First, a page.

Bridport is a small seaside village on the north coast of Tasmania that is a centre for scallop, trout and lobster fishing industries. Bridport has become a very popular holiday location with the population increasing markedly in summer. It has beaches, swimming, sailing and other water sports. A ferry operates from Bridport to Flinders Island.

A detour at Bridport, following the road to Gladstone, takes in Ringarooma Bay, Cape Portland (north east tip of Tasmania and the western entrance to Mt William National Park. If you take the Gladstone detour, continue through Gladstone, joining Tasman Highway near Herrick.

If you do not take the Gladstone detour, drive from Bridport to Scottsdale (19km). Join Tasman Highway and travel east towards St Helens. A detour to Ringarooma (Ralphs Falls) and an impressive series of carved commemorative trees at Legerwood are worth visiting (16km return). Branxholm is a pretty spot for a drinks break.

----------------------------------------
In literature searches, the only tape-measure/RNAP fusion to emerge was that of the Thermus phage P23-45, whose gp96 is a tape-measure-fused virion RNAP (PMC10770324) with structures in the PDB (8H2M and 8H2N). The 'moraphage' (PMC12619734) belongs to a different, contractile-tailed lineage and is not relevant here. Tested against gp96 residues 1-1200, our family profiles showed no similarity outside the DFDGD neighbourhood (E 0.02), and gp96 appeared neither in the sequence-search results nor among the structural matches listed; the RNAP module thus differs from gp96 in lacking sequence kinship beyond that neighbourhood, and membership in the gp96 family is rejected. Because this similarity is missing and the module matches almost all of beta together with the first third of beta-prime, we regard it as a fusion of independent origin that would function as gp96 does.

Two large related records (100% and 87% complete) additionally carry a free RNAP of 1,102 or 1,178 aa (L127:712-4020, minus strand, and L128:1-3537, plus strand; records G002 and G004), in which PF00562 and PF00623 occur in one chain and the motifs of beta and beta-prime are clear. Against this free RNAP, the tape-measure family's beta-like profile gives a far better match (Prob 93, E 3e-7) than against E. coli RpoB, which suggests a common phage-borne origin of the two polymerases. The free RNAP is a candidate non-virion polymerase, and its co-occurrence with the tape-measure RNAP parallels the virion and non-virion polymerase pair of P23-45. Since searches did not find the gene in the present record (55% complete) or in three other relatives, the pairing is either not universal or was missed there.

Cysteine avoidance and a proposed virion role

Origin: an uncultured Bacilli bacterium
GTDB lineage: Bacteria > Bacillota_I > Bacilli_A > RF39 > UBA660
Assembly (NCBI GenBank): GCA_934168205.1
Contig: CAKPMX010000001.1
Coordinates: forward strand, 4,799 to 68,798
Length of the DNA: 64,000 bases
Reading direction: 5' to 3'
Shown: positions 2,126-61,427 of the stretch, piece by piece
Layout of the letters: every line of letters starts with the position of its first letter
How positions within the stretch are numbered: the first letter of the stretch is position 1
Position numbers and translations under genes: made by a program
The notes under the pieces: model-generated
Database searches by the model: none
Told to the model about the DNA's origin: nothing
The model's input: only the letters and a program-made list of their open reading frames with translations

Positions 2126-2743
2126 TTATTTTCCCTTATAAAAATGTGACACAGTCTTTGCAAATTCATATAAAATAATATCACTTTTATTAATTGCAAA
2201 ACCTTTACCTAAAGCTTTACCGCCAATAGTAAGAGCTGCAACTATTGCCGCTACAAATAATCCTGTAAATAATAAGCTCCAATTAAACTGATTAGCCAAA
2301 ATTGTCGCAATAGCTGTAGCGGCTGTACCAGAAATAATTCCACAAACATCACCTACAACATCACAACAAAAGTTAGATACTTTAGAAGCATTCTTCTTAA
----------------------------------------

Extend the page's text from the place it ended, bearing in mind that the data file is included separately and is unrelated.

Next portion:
Derby is a fascinating former tin mining town, which wanders along a hillside overlooking the Ringarooma River, retains the atmosphere of its pioneering history. A classified historic town, it lies about halfway between Launceston and the east coast and therefore has become something of a natural stopover point for travellers. The old Tine Mine Centre are picturesque Derby (32km) is very interesting.

St Columbia Falls

At Pyengana (39km), a visit to St Columbia Falls is a must. Pyengana is home to the Pub in the Paddock (licenced since 1880) and the famous Pyengana Cheese factory. Pyengana is not nor has ever been a town, but a community that grew around the home of pioneering settlers George and Margaret Cotton who settled here in 1875 and raised a family of nine children at a property they called St Columba. The name recalls Saint Columba 521-597), a Gaelic Irish missionary monk who propagated Christianity among the Picts.